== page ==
I will be buying a new car in the fall...sincerely hope it will not have any of these features installed...I have enough IT work with my phones, TVs, laptops etc...to handle, integrate, secure and debug my car would require me to quite my full time job...Kris
The issue of the user interface for a driver who is new to a car is one that must be revisited. As a frequent traveler, I often get introduced to my new car in a dark rental car parking lot when I'm hungry and want to get to the hotel. Already I have to figure out which headlight switch standard has been adopted (dial on the dashboard or stick on the steering column). I also have to figure out how to quickly quench the radio (they typically seem to be set to full blast on an unwanted station). And of course at the end of the trip I have to figure out where the gas cap door release lever is hidden (glove compartment, driver's door, under the steering wheel, or on the floor) to avoid being soaked for rental gar gas refill fees. The dashboard controls, however, are a world in themselves. As a hybrid driver at home, I like to see the miles per gallon displayed. Finding that display can be quite a challenge between pushing buttons on the dashboard display and the steering wheel and on the radio panel. I think that we need to think about a standard convenient user interface and get out of the arcane series of undocumented up / down / right / left clicks that are required to gain basic information. I'm a great fan of Apple products, they are very intuitive - once you know the trick. They can be challenging to navigate until you know "the answer". Unless we can select our operating system at startup, the day may come when we'll have endorsements on our licenses for the type of vehicles that we're trained to drive (only Apple for me or Android for you).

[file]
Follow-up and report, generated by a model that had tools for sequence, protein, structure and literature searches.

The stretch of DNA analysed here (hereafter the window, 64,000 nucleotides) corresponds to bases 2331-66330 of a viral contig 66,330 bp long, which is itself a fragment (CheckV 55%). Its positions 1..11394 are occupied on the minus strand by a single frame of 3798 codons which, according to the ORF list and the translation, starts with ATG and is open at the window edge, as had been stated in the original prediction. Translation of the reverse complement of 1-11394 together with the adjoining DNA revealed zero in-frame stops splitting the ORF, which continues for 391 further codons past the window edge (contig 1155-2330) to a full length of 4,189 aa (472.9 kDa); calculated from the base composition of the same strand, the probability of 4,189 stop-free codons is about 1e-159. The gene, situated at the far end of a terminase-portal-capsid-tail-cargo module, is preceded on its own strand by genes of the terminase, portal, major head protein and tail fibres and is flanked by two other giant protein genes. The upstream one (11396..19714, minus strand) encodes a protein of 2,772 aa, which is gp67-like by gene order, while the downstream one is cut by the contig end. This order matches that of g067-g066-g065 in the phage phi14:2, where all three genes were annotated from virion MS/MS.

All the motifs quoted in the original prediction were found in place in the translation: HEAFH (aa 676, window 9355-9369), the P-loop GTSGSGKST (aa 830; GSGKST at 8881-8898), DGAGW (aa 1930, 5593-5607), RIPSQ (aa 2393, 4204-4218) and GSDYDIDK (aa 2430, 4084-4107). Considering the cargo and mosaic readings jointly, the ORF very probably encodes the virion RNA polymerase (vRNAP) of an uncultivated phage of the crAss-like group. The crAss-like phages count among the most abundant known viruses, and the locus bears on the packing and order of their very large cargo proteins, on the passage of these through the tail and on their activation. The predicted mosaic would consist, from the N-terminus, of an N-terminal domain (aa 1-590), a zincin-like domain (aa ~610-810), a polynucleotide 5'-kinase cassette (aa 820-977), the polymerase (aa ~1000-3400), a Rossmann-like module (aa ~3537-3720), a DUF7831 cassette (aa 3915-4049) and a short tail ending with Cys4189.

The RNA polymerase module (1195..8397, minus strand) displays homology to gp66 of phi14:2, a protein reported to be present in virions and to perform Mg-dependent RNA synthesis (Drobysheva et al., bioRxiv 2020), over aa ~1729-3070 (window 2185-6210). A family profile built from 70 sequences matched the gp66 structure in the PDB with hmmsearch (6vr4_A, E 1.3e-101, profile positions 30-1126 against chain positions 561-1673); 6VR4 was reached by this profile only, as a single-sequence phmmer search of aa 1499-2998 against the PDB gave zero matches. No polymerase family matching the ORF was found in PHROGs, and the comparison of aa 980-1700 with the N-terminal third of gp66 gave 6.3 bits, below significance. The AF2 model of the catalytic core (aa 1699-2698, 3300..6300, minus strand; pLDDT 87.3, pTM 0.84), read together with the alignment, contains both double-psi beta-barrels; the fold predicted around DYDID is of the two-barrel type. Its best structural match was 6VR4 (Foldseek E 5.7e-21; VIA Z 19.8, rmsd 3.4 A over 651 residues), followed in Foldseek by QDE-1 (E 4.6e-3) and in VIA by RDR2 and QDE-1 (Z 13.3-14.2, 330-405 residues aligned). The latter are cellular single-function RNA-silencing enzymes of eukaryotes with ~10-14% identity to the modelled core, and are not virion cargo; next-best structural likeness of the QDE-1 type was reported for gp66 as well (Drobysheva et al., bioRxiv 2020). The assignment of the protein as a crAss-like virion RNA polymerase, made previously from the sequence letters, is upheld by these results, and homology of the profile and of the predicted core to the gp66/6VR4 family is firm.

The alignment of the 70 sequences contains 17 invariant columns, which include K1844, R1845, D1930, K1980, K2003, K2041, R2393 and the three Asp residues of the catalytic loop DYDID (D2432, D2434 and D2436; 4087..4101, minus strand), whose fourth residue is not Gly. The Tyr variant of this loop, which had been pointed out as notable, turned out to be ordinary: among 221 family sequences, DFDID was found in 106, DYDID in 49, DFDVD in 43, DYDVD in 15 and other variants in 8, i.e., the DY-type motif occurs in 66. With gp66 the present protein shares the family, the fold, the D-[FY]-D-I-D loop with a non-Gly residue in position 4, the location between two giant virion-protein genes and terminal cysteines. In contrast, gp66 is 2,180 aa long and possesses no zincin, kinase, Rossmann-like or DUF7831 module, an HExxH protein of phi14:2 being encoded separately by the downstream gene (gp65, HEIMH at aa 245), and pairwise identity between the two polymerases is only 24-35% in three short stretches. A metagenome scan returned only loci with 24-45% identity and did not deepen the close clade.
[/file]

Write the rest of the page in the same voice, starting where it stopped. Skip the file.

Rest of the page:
@DrQuine, damn, this is such a good read! You described all the confusion every rental car driver goes through with such vivid details. I was nodding all the way through when I was reading the comment.
Then, at the very end, you wrote:
Unless we can select our operating system at startup, the day may come when we'll have endorsements on our licenses for the type of vehicles that we're trained to drive (only Apple for me or Android for you).
Jeez. That's exactly what car OEMs are now setting themselves up to, isn't it?
The confusion related to the placement of various controls differently by different car manufacturers , based upon what OS they are latched onto, can be avoided if their is some govt. standard on the ergononomics of the vital controls - the headlights, the turn signal blinkers, the hazard warning push button, the wiper control lever and so on.
Like the basic things as Brake, Accerlarator and clutch have a standard placement in any car you drive ( except when it is left hand vs right hand), these basic things also need to be placed uniformly on whatever HMI is being used by whatever car maker.
The rest of the jazzy things related to infotainment can be placed freeky as per the HMI designer's choice.
Even with today's simple dashboards , I get confused between my car and may daughter's car - just because the wiper control lever and the turn signal lever have been swapped ( GM Opel Vs Honda Brio). It creates a confusion right in the middle of the traffic !
Replay available now: A handful of emerging network technologies are competing to be the preferred wide-area connection for the Internet of Things. All claim lower costs and power use than cellular but none have wide deployment yet. Listen in as proponents of leading contenders make their case to be the metro or national IoT network of the future. Rick Merritt, EE Times Silicon Valley Bureau Chief, moderators this discussion. Join in and ask his guests questions.